Three times in the past week, I’ve snapped at someone who touched me without some vague semblance of my invitation. At Flying Biscuits, a lead who I dance with every week went for a hug, and I backed off. While I was at work, a boy went to poke my stomach, and I snapped at him. And then the same boy’s twin brother, a day later, snuck up behind me and poked me in the side. Let me tell you, I whipped around and laid into him. I snapped so loudly and so angrily that patrons were staring (oops) and that I am sure he will never ever poke me in the sides again.

Dancing, of course, is a bit more touchy feely than most communities — we hug and hang on each other at exchanges. But for me, it’s changed. I only really hug and hang on with whom I’m close. People whom I talk to almost every day, even if I only see them once every three months. People with whom I’ve shared a special dance weekend with, or had a heart-to-heart felt moment with. But then, if you’re in that category, I’ll be as touchy-feely as if I were back at Rabun Gap, and hanging and hugging and cuddling is all good.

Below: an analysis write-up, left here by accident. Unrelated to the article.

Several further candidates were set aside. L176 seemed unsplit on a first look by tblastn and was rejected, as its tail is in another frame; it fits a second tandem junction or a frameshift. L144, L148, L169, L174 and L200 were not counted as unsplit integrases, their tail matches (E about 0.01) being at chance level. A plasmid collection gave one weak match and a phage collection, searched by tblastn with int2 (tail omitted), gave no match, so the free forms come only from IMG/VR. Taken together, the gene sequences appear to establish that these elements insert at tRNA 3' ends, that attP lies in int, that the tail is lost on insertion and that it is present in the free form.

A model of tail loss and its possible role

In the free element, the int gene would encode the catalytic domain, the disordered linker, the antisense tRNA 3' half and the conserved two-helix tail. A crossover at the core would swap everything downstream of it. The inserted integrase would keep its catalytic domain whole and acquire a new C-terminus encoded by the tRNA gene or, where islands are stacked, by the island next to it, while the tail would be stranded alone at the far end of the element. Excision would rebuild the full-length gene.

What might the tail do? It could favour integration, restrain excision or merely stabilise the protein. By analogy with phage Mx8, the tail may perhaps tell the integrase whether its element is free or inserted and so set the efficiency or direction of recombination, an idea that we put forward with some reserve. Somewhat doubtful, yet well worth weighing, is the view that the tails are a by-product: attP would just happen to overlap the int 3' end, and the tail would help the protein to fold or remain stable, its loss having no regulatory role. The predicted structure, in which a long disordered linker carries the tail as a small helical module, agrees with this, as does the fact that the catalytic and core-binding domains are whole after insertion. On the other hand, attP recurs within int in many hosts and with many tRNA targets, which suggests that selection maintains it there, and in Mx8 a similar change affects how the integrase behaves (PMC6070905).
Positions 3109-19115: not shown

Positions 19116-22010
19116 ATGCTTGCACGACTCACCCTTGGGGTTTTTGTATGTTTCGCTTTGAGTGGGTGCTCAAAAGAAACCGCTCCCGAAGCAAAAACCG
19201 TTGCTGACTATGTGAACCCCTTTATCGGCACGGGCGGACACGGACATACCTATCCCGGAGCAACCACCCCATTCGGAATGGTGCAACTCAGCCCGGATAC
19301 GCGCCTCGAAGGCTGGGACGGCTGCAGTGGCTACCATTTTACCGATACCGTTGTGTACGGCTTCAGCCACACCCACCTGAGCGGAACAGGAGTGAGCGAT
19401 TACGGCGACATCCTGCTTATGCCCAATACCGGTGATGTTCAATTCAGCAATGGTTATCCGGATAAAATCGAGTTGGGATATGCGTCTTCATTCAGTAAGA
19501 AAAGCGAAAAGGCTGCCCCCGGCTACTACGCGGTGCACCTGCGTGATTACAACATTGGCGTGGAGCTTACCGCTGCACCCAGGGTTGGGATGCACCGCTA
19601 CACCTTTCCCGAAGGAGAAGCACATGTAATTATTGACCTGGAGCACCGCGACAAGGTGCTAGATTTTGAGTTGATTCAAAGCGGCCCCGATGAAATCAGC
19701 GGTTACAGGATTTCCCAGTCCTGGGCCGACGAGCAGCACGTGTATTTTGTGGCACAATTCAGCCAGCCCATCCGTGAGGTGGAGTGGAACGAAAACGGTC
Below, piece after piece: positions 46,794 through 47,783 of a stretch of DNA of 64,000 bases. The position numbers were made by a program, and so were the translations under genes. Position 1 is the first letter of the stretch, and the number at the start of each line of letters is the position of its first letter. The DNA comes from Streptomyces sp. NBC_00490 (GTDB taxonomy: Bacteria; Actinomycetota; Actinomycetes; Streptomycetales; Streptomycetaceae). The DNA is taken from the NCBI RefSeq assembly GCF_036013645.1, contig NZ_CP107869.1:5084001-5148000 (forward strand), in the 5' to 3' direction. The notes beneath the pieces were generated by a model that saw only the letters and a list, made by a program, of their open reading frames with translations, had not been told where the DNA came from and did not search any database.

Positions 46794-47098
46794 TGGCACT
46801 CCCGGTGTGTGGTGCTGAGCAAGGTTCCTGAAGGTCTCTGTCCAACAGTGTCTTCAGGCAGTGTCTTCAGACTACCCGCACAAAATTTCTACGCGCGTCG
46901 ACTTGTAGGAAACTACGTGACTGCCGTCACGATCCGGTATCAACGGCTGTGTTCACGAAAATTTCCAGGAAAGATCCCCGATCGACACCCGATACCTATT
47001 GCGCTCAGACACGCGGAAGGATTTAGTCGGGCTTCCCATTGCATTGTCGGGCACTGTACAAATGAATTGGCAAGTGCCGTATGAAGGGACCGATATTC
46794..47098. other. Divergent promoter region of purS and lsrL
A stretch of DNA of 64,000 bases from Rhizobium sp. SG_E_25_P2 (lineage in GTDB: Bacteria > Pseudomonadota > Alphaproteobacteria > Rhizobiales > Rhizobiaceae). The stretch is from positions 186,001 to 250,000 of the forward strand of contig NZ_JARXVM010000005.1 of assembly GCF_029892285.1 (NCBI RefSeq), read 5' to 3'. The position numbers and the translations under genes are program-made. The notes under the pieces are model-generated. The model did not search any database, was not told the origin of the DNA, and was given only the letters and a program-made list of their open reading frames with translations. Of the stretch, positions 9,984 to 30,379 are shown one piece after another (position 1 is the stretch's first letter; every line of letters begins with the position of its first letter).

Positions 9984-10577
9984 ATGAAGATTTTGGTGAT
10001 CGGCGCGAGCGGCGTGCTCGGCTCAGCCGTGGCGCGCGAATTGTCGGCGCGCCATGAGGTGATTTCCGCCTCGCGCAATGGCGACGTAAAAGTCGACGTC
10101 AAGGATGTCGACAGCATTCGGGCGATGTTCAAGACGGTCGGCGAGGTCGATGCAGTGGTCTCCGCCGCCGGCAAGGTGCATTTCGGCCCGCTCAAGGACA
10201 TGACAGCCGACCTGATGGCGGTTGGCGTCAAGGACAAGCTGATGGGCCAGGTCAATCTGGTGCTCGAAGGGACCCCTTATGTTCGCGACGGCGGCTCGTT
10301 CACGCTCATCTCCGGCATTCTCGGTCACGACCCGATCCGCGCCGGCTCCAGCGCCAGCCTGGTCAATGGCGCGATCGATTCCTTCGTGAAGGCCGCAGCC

I just…if you’re allowed in my personal space, it’s because you’re honestly special to me. It was a hard lesson to learn at first, but I’m glad now…because now, it’s important to me, too.

i can…teach?

Today, I taught Emory Swing Club’s “Swinging Six Count Workshop” with Robert. It was…a blast. And a little bit of a clusterfuck, but mostly a blast.

When we started thinking up the moves we would teach, we wanted to emphasize two things: technique, and having fun. So we knew we would cover the basics, but then we also figured we’d teach a couple really fun, different moves which could be changed up and varied.